All the trimmings in Anglican land

london st bartholomew churcYou gotta hand it to the Brits. The journalists over there sure know how to cover a wedding. The Telegraph rolled out the heavy artillery to cover what may have been the most celebrated wedding in the United Kingdom since that of Prince Charles and Lady Di. I am referring, of course, to the same-sex union rites for the Rev. Peter Cowell and the Rev. Dr. David Lord.

Here's the hard news lede, served up by Jonathan Wynne-Jones, the newspaper's religious affairs correspondent.

An Anglican church has held a homosexual "wedding" for the first time in a move that will deepen the rift between liberals and traditionalists, The Sunday Telegraph can disclose.

Two male priests exchanged vows and rings in a ceremony that was conducted using one of the church's most traditional wedding rites -- a decision seen as blasphemous by conservatives. The ceremony broke Church of England guidelines and was carried out last month in defiance of the Bishop of London, in whose diocese it took place. News of the "wedding" emerged days before a crucial summit of the Anglican Church's conservative bishops and archbishops, who are threatening to split the worldwide Church over the issue of homosexual clergy.

Notice how, in just a few sentences, the reporter hit all the different levels of this Anglican blockbuster -- both local, diocesan, national and global. Good show.

But this is one case where it really helps to remember that this story focuses on the radical redefinition of an ancient sacramental rite in a church that claims apostolic ties to Catholic orders and creeds. This has to be a story about worship and doctrine.

That's where another Telegraph story really shines. To truly grasp the importance of what is going on, and all the fine details, I suggest that GetReligion readers click here and print out a blogger's close analysis of the actual text for this same-sex rite, compared and contrasted with the Book of Common Prayer rite that it is modernizing or postmodernizing, depending on one's point of view. This story focuses on the worship service itself, making clear the degree to which this was a wedding, no matter what the high Anglican spinners try to say after the fact. And the setting? Location, location, location. Read it all. But here is a sample:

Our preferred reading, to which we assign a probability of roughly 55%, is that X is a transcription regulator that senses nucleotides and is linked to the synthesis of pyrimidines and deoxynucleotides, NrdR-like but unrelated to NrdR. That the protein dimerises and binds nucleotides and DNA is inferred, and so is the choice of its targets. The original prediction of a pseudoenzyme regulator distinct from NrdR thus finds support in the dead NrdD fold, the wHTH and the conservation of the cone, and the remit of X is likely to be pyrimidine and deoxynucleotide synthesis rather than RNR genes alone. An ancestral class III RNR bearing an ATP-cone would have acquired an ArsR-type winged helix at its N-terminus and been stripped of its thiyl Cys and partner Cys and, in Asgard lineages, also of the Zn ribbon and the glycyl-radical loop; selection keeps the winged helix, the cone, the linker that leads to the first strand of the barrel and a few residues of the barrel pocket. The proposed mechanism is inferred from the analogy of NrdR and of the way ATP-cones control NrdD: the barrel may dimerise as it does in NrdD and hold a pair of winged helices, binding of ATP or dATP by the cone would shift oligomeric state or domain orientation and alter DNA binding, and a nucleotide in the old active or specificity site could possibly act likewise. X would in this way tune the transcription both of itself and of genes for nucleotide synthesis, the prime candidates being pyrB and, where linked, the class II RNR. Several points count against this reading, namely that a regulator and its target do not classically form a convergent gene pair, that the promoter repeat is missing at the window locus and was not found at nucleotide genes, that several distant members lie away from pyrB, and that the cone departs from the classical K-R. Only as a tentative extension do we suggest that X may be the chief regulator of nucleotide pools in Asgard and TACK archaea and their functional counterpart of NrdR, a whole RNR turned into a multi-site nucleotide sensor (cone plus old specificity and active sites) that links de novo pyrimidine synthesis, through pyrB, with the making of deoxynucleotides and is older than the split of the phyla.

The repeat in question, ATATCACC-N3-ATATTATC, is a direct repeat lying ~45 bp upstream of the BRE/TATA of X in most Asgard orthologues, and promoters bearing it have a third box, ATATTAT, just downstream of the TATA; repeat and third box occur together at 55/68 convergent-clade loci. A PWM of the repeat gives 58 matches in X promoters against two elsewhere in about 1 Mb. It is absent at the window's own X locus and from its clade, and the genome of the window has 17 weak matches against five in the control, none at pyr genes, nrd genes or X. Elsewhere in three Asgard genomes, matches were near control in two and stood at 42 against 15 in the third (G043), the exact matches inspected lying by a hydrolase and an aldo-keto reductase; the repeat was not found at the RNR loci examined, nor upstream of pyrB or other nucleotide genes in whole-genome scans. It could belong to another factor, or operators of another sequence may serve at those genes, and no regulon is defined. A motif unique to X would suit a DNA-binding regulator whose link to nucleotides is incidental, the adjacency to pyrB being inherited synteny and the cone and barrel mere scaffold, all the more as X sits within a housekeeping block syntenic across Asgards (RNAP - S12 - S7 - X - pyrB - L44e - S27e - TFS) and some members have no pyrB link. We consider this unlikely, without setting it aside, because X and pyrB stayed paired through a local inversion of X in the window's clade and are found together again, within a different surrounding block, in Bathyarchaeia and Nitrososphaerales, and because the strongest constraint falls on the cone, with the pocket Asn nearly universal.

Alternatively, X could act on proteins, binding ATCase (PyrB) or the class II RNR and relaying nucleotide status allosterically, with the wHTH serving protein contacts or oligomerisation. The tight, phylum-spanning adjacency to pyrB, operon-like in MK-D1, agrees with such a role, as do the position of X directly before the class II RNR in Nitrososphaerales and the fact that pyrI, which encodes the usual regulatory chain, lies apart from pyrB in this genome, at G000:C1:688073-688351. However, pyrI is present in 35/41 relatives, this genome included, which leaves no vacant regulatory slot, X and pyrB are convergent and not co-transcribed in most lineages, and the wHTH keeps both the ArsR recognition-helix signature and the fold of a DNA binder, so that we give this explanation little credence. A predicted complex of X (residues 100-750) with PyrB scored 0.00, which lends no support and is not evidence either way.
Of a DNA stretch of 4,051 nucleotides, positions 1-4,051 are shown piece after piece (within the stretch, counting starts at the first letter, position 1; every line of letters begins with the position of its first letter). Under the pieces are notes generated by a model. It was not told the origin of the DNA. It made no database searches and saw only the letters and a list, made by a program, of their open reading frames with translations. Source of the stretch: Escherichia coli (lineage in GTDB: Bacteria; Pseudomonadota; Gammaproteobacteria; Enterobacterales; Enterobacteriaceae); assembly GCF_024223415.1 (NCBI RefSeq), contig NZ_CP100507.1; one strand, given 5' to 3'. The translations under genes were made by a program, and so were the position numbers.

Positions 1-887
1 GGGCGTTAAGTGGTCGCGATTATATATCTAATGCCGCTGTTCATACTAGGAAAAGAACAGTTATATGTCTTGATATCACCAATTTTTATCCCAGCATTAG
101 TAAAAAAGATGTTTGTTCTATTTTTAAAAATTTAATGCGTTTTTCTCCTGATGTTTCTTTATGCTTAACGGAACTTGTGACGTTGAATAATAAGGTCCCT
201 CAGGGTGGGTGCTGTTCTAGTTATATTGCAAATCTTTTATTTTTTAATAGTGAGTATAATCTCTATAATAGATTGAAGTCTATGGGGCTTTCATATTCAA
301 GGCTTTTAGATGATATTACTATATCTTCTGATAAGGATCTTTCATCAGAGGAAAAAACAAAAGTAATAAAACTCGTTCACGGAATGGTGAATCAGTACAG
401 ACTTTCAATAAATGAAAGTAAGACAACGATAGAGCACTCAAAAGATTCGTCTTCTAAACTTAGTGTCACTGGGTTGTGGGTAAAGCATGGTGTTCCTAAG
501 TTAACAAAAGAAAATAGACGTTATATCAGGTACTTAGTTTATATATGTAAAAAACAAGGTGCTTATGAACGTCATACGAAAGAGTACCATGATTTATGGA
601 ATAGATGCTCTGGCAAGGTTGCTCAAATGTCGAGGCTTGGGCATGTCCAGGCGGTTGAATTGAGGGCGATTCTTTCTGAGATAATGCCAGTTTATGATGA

St. Bartholomew the Great at West Smithfield, in the City of London, dates from the 12th century but it can have seen few more historic events than this.

Greeted with a fanfare of trumpets, the Rev. Peter Cowell and the Rev. Dr. David Lord celebrated their civil union with the kind of pomp and pageantry reserved for royal weddings. The couple walked up the aisle to Mendelssohn's march from A Midsummer Night's Dream dressed in morning suits, with their bridesmaids and best men following behind.

A robed choir sang in Latin as incense was burned on the high altar. The service was rooted in the most traditional style, from the music to the liturgy, which was based on the 1662 Book of Common Prayer. The Rev. Martin Dudley addressed the congregation: "Dearly beloved, we are gathered together here in the sight of God, and in the face of this congregation, to join together these men in a holy covenant of love and fidelity."

To conservative Anglicans the use of those words in such circumstances might be blasphemous, but the packed pews indicated the level of support for the couple.

One more detail, in a nation that truly sweats the details of class and politics.

Cowell is who is a hospital chaplain at Barts and priest at Westminster Abbey, which means he works at the heart of the system that serves the queen. Thus, he are told:

Among those celebrating with the couple were some of the Church's most senior clergy, including Canon Robert Wright from Westminster Abbey and chaplain to the Speaker of the House of Commons.

"It was incredibly grand -- the most spectacular wedding I've ever been to," said one guest. "They had a 10-tier wedding cake. I've never seen a cake that big."

So, do you think that this might come up for discussions in Jerusalem and then in Canterbury?

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